Wednesday, July 20, 2005
HHS administers more than 300 programs. Comprised of ten large and diverse Operating Divisions, including the NIH, CDC, FDA, and the federal Medicare and Medicaid agency, HHS is the U.S. government's principal agency for protecting the health of all Americans and providing essential human services, especially to those who are least able to help themselves. In the course of carrying out their program missions, HHS agencies disseminate a wide variety of information to the public, ranging from research and statistical reports to expert and authoritative health and medical information. Many of these dissemination products rank among the most highly regarded and highest quality scientific, research and statistical information within the federal government, and in many instances they set the national and international standards for quality.
Consequently, HHS is committed to supporting, developing and disseminating information consistent with the objectives of the Information Quality Act. It has long been an HHS goal to ensure that the best available scientific and technical information is used to support regulatory and programmatic decision making.
Requirements of the Information Quality Act
The OMB Guidelines in turn directed federal agencies to do three things:
HHS Implementation of the Information Quality Act
However, our Guidelines incorporate standard HHS wide standards and procedures whenever possible, including the administrative request for correction mechanism.
Third, we created a department-wide HHS Information Quality Working Group to ensure a coordinated and integrated approach across HHS, assure implementation in a manner appropriate to agency statutes and missions, and build upon existing agency administrative procedures and data and scientific quality review mechanisms.
Fourth, within HHS, we implemented the Information Quality Act by working closely with OMB and our stakeholders in the health and human services communities, including a notice and public comment process on draft Guidelines .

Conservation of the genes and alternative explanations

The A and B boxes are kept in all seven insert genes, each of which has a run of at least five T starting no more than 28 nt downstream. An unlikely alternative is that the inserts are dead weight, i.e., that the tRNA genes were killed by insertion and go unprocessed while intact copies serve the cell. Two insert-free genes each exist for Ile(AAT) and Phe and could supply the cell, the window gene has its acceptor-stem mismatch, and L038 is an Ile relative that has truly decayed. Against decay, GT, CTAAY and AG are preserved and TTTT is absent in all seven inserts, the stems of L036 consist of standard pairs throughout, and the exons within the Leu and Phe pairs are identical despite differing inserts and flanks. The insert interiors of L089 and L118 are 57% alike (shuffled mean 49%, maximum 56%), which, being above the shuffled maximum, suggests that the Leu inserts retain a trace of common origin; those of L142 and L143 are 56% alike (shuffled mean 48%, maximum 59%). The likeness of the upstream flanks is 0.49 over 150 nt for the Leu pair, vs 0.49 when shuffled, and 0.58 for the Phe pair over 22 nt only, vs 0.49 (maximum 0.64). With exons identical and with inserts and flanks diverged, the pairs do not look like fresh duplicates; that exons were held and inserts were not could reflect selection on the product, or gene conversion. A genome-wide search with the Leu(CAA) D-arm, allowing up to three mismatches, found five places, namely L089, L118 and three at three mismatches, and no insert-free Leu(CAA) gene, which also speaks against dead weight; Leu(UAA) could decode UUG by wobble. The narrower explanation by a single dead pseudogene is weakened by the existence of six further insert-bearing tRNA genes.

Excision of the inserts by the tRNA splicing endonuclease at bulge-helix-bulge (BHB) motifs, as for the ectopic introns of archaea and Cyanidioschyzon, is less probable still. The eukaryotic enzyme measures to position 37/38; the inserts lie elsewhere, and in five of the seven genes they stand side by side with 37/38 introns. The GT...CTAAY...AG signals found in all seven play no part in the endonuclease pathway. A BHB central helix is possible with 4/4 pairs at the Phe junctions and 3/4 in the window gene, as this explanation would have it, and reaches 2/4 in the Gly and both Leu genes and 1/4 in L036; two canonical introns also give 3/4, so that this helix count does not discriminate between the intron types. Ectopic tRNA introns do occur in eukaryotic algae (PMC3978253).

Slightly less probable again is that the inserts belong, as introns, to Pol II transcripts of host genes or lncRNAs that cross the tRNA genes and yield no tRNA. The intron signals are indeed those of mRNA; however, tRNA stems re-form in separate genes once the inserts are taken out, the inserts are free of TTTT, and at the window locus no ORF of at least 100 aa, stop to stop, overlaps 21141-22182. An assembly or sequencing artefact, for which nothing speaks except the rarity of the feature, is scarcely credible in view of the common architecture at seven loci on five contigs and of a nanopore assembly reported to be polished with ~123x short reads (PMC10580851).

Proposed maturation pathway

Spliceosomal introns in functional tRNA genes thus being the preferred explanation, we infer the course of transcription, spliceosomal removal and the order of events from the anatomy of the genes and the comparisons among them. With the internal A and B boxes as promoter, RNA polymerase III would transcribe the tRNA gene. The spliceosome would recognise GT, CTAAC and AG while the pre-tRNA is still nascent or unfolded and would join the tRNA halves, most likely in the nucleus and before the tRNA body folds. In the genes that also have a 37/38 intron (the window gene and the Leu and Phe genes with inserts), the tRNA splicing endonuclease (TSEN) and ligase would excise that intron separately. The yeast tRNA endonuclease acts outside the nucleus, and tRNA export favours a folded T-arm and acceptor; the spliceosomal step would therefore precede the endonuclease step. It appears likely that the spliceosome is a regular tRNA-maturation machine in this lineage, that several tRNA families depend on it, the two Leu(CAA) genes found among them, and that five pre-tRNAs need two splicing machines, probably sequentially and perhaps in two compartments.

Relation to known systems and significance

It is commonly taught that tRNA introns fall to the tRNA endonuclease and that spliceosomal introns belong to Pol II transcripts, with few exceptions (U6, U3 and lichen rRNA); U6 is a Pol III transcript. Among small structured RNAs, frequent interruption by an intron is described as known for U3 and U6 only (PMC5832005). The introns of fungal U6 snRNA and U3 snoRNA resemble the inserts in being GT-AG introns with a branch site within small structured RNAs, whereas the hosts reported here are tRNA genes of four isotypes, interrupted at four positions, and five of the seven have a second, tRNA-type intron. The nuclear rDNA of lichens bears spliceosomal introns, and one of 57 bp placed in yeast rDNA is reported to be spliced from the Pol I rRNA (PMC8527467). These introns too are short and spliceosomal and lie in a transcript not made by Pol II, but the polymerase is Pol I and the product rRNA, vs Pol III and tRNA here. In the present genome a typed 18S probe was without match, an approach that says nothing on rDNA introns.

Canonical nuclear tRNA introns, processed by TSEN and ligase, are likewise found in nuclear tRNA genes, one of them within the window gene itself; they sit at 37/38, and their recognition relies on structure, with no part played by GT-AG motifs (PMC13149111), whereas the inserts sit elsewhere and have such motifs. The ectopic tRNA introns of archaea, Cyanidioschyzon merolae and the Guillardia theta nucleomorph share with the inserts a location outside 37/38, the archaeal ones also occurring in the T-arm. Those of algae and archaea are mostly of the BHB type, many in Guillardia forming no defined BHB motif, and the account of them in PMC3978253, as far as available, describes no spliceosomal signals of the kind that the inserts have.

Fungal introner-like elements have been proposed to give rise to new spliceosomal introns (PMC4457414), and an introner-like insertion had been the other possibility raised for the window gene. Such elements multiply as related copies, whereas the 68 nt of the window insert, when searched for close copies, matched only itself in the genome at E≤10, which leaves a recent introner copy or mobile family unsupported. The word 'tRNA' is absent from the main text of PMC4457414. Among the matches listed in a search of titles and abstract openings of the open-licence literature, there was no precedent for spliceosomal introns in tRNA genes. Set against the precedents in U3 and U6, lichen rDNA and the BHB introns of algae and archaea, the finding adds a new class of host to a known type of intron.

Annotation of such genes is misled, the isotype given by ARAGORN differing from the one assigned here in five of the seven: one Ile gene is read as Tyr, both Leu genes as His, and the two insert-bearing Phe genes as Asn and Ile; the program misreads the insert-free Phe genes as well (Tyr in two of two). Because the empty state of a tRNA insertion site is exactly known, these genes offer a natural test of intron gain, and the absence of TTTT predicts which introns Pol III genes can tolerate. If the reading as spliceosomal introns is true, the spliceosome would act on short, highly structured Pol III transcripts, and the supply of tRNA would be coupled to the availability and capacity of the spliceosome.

The HHS Guidelines for Ensuring and Maximizing the Quality, Objectivity, Utility, and Integrity of Information Disseminated to the Public were developed within the framework of the OMB Guidelines. The purposes of the HHS Guidelines are to provide policy and procedural guidance to agency staff, and to inform the public about agency policies and procedures. Part I of the HHS Guidelines describes department-wide umbrella policies, guidelines and operating procedures. Part II of the HHS Guidelines describes component agency-specific guidelines in order to address specific program statutes and missions for operating divisions such as the Centers for Medicare & Medicaid Services, the Food and Drug Administration and the National Institutes of Health. Responsibility for implementing the Guidelines within HHS Operating Divisions rests with the head of the agency or program unit disseminating the information.
Overall departmental level responsibility for oversight and coordination of the implementation of the Guidelines within HHS rests with the Office of the Assistant Secretary for Planning and Evaluation. In addition, oversight and coordination across HHS is supported by our department-wide work group, led by the Office of Secretary and composed of senior representatives from all HHS Operating Divisions.